The Los Angeles County Fairgrounds, one of the places Japanese Americans were held during World War II, will serve as an emergency shelter for unaccompanied children who have crossed the border into the United States, L.A. County has announced.
Hilda Solis, chair of the Los Angeles County Board of Supervisors, said Thursday the decision was made after discussions with the Biden White House.
The Biden administration has contacted communities throughout the nation to find space for undocumented children being sheltered in Border Patrol facilities. It even urged, unsuccessfully, that NASA employees go to the border to volunteer in the overcrowded camps.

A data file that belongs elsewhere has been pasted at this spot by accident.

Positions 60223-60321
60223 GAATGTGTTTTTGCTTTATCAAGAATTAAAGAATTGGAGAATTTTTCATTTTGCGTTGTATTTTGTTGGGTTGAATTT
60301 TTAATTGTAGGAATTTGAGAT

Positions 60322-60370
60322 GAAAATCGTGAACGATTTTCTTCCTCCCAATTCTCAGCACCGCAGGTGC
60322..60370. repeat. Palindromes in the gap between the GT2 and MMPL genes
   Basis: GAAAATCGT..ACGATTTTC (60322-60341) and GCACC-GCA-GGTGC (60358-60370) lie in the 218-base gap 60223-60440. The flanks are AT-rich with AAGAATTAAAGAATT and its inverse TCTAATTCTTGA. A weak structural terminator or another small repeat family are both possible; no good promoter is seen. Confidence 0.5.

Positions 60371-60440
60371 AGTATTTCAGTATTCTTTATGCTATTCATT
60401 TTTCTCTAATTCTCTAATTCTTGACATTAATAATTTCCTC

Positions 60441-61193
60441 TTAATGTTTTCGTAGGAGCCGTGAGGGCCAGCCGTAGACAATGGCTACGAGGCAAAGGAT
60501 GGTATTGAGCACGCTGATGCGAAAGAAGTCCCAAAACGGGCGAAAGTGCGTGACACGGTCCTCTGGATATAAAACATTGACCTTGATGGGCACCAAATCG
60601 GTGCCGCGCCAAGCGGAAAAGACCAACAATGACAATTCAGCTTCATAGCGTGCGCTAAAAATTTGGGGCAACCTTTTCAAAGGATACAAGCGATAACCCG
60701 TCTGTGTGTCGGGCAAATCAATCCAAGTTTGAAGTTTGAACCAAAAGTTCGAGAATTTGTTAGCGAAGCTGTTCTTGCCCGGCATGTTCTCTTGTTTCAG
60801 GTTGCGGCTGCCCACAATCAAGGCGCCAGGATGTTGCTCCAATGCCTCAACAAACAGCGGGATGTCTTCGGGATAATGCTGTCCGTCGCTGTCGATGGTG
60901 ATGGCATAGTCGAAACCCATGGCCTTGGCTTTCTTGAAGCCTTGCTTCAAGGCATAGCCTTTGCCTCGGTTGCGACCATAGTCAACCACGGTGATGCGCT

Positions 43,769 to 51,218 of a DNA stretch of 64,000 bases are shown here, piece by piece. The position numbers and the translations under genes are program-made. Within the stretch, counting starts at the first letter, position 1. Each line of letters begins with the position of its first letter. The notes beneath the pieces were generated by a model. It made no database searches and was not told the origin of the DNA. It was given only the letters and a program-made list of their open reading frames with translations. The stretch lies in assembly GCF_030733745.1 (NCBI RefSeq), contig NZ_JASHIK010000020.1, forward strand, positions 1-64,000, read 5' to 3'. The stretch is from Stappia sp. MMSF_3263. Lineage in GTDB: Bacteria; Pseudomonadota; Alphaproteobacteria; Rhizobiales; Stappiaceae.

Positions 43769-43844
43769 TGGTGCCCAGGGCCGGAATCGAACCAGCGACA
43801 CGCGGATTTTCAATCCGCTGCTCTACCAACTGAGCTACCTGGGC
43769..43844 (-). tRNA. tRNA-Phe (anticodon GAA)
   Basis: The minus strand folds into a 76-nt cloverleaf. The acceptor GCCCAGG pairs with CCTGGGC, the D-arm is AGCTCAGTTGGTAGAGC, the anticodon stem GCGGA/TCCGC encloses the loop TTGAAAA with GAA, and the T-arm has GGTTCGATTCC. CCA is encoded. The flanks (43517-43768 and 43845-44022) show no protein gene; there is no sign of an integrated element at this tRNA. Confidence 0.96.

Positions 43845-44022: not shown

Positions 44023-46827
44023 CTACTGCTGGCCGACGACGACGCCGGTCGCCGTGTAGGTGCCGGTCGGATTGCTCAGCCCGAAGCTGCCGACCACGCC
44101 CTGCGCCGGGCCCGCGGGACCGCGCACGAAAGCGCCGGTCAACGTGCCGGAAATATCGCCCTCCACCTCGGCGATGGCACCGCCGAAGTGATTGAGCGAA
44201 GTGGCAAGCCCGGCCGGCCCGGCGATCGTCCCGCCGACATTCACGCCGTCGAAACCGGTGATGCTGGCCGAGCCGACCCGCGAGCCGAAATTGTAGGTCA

Also known as the Pomona Fairplex, the mega-facility in the city of Pomona is the third in Southern California to serve in that capacity.
In 1942, months after the attack on Pearl Harbor, President Franklin Roosevelt authorized the detention of Japanese Americans, fearing they would be loyal to the emperor of Japan.
The Pomona location was selected as one of the camps. A California Historic Landmark plaque near Fairplex, at around 1099 West McKinley Avenue, Pomona, commemorates the event.
Opened in May 1942, the detention camp had 309 barracks, 8 mess halls, and 36 shower and latrine facilities. It reached a peak population of more than 5,000 before it closed later in the year. Most of the internees were transferred to another camp in Wyoming.